Following the unification of France under the Sun King, Louis XIV, he invited the children of many noble families to join him at Versailles. Needing to entertain them he sent dance masters out from the court through France, initially, and then through greater Europe, to collect dances to entertain the children. Elaborate masques and balls were held in which the King and Queen would play such characters as the Sun and Moon and Mythological figures. Other courtiers would play lesser roles.
Bringing back the dances to the court the dance masters would often have to accommodate them to the court and so changed and stylised many of the dances.
As the entertainments grew more elaborate specialist dancers were brought in to play key roles and this lead in turn to the development of ballet in its modern form. It was the first time that commoners had mingled openly with nobles at court.
Among the dances collected in the 17th and 18th centuries were those which formed the basis of the classical suite in music which might include the Gigue, the Sarabande, the Pavane, the Bourree, the Minuet, the Polonaise and many others. The practice of collecting dances together began in the 14th century with such dances as the Allemande and the Courante,
As fashions changed so those older dances fell out of favour and were replaced by newer forms including lastly, in the 19th Century, the Waltz. The dance master Bernhard Wosien said of the Waltz that it was the last Cosmic dance with the partners as the Earth and Moon revolving around the central Sun in the ballroom.
While the Classical Suite lost favour in the 19th century many of the dances remained alive and vital in the villages from which they had been originally collected. The Bourrée, for example, is still danced in the Auvergne where it is danced in clogs to celebrate (and crush) the grape harvest. Among other dances still kept alive in the folk repertoire of France is the Gigue, which some claim to be based on the Irish Jig. It is interesting to note that the folk stream retains its vitality while the classical and fashionable streams quickly lose interest in existing forms clamouring for something new.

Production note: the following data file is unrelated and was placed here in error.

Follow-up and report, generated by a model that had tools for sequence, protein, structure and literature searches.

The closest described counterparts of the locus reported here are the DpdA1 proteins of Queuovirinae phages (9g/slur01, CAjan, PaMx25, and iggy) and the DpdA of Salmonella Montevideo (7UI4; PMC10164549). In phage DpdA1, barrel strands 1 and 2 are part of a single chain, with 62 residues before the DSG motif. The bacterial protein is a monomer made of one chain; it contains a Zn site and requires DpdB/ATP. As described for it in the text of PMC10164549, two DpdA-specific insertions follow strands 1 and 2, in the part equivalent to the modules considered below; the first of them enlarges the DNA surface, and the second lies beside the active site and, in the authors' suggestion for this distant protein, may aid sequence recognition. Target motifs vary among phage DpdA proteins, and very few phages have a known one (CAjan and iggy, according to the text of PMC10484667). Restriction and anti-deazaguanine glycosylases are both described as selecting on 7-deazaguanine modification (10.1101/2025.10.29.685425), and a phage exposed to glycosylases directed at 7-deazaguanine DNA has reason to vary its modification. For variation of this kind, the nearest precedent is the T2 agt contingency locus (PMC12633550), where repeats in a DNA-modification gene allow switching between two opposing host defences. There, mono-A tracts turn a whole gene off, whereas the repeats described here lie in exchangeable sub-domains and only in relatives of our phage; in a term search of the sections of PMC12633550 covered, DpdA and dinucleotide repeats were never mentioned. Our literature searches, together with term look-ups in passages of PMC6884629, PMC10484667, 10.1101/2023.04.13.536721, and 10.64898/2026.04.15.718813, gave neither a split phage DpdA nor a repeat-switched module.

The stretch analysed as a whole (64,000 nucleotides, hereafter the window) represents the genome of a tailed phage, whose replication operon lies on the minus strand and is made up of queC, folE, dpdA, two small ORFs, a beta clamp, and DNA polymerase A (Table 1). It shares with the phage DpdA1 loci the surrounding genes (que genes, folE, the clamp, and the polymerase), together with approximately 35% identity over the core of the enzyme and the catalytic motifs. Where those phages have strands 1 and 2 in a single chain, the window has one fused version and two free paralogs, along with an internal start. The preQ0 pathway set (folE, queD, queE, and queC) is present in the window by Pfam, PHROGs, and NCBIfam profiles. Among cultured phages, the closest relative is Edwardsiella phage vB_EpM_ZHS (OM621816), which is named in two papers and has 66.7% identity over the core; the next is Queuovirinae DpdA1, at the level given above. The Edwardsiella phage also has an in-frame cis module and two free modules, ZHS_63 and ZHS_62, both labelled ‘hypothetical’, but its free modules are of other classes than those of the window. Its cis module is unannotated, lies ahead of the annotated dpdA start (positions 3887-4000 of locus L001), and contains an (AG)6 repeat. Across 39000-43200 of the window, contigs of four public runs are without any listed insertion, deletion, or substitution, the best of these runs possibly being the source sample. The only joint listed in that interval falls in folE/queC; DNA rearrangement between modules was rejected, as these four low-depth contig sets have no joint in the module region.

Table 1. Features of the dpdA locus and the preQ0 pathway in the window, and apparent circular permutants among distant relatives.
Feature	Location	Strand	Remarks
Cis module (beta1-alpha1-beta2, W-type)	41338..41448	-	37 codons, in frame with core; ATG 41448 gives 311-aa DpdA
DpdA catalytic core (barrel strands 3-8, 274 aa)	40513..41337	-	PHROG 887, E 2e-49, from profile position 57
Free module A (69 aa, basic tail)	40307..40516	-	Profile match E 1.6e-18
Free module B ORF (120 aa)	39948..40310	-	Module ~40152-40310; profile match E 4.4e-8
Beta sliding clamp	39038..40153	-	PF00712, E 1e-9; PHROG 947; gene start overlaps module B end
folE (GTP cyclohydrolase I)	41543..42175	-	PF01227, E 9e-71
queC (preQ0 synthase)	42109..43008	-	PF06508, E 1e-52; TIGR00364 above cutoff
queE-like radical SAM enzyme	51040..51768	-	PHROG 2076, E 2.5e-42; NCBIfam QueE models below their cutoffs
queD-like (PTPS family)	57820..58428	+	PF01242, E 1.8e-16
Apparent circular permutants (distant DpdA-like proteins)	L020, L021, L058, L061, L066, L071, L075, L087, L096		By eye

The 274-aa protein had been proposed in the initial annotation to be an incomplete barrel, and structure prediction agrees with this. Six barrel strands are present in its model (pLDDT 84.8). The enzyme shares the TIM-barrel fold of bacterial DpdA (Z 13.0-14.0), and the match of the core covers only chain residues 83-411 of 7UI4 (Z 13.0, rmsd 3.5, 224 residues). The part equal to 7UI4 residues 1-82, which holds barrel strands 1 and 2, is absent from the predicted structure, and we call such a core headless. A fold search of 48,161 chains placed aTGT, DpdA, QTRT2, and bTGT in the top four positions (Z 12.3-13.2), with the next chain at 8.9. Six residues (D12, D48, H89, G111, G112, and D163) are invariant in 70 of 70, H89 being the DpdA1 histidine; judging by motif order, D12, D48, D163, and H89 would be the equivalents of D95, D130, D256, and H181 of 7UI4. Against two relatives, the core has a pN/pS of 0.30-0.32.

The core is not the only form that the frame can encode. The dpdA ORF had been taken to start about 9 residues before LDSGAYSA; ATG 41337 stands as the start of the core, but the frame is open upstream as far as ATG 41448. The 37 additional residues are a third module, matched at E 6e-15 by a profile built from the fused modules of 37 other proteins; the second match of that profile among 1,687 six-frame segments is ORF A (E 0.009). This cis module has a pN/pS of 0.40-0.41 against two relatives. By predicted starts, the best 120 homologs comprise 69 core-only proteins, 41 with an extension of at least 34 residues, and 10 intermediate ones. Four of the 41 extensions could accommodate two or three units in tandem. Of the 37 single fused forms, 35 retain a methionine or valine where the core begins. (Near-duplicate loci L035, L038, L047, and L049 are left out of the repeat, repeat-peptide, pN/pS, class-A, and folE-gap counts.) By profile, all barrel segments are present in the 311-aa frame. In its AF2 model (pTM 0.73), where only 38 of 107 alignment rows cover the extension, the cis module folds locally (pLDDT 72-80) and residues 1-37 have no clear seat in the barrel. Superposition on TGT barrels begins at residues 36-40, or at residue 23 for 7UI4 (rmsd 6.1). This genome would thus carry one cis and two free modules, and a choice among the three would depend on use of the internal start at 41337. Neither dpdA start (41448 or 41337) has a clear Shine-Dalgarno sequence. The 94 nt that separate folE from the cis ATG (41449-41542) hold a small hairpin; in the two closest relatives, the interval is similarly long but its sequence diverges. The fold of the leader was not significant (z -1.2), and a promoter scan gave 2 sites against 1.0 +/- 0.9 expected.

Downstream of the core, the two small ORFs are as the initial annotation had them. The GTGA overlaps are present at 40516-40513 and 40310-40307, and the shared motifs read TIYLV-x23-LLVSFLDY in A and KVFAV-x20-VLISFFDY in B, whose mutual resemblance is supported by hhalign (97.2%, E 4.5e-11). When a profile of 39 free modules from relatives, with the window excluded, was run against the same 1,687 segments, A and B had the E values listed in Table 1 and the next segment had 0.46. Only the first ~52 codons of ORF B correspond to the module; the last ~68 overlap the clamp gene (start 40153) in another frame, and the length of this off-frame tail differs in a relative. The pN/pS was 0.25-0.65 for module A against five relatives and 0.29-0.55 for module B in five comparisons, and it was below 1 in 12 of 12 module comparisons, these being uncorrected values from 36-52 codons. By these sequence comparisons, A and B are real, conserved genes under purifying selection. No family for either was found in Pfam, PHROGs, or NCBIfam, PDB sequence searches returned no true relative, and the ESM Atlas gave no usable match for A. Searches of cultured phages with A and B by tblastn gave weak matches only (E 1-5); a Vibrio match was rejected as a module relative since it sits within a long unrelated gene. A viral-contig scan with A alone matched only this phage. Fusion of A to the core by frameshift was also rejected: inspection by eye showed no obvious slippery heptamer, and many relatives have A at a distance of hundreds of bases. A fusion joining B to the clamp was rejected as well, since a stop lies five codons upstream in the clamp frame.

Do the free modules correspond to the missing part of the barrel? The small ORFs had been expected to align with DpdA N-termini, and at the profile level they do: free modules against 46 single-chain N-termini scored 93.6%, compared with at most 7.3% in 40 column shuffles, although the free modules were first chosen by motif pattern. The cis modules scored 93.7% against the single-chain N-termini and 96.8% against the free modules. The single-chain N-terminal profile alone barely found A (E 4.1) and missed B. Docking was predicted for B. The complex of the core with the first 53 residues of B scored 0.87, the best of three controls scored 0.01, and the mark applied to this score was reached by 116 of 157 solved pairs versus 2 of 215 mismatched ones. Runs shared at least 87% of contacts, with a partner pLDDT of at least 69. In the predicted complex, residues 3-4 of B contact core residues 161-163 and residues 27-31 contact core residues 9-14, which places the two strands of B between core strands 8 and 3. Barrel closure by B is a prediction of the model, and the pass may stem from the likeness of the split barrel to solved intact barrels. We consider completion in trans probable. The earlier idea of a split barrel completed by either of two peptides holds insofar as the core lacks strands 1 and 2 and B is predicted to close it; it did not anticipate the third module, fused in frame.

The 20th Century demonstrates this as the new dances of the post World War One era, such as the Cha Cha Cha, the Blackbottom and Charleston, captured popular interest away from the ballroom dances of the Foxtrot and Two step. In turn those dances were replaced by Latin American dances such as the Bossa Nova, the Samba, the Rumba and others, in turn replaced by Jive and Rock n Roll to collapse in a plethora of 1960s dances including the Twist, the Mashed Potato, the Watusi, many of which were invented to try to start a new trend in music. Most failed or were never taken up. As the 20th Century progressed dancers became increasingly isolated from one another until in disco dancing it was common not to have a partner at all. From serving as a means of contacting new people and potential partners, dance became a singular event, often danced today in darkness with flashing lights so that no continuous contact is possible.